Safe activities to do if you’re fully immunized, says Dr Wen

There are a lot of people who are fully immunized and want to be responsible members of society. They wonder what they can and should continue to do? How about hanging out with friends, dining indoors and hitting the gym? Can vaccinated grandparents still be left with their unvaccinated grandchildren?

To help answer these questions, we spoke with CNN’s medical analyst, Dr. Leana Wen. Wen is an emergency physician and visiting professor of health policy and management at the George Washington University Milken Institute School of Public Health. She is also the author of a new book, “Lifelines: A Doctor’s Journey in the Fight for Public Health”.

CNN: How should people think differently about risk given the rise in infections and new research?

Dr Leana Wen: When it comes to treatment where we’re at now, I think people should keep two things in mind. First, most areas of the United States have substantial or high transmission of Covid-19, as defined by the CDC. We have to think of the vaccine as a very good raincoat. If it is raining outside – if the infection level is not very high – the vaccines will protect very well. But if it is a constant thunderstorm, there is a greater chance of getting wet. A vaccinated person is at greater risk when they are surrounded by many people who could be infected with Covid-19, and this is what is happening in the United States right now.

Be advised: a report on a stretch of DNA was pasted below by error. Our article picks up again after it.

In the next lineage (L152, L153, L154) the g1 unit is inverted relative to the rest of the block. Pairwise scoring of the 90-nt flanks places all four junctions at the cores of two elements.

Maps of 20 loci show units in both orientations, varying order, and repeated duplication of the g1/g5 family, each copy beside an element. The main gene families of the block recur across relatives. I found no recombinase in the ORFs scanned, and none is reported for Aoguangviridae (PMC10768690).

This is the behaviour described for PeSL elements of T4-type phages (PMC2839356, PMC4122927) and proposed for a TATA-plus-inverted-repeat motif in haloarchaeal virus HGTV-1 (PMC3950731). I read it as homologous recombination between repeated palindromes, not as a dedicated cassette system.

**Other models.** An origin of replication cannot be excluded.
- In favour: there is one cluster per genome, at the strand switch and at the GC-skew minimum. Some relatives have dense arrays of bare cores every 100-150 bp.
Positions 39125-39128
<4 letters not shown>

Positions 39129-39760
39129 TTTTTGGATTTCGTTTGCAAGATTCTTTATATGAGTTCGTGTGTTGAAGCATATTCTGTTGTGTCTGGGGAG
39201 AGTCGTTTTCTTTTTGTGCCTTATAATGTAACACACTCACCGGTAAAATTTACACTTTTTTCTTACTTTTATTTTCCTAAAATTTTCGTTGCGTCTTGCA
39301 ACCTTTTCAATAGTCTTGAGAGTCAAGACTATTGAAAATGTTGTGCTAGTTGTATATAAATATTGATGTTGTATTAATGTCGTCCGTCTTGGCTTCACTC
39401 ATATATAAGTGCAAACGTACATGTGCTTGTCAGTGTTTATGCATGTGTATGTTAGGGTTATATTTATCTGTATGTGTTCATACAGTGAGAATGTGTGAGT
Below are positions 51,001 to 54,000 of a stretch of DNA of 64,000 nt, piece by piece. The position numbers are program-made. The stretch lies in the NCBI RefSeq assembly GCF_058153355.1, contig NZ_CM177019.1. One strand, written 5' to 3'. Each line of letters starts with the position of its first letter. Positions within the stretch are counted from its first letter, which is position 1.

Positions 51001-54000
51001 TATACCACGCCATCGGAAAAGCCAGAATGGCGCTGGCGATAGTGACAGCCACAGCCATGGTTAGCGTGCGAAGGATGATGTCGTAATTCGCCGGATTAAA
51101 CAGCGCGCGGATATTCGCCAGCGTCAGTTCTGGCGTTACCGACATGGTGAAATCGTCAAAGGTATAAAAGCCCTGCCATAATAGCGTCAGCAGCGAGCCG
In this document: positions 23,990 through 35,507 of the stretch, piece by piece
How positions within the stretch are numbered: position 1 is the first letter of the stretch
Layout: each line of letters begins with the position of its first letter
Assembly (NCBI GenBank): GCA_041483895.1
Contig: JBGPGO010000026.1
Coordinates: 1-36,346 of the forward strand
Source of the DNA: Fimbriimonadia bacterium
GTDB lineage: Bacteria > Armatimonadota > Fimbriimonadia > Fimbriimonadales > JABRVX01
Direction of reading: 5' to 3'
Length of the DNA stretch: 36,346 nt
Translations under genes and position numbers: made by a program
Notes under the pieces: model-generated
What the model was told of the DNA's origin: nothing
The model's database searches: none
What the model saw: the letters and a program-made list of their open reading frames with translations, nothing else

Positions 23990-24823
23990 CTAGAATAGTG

Second, we are entering a phase of the pandemic where almost all activities will carry some level of risk. People need to decide for themselves how comfortable they are with their household medical condition and the value of the activity to them.

If everyone in your household is fully immunized and healthy, you may be ready to take more risks. You might conclude that even if a breakthrough infection did occur, it would likely be mild, and you agree to take this risk in order to continue your pre-pandemic activities. Someone else may decide that because they live at home with young, unvaccinated children or immunocompromised family members, they want to be more careful.

I think both options are equally reasonable. The vast majority of the spread of Covid-19 is by unvaccinated people. Vaccinated persons do not pose a threat to public health and they should be able to exercise their own judgment on activities which are sufficiently safe for them.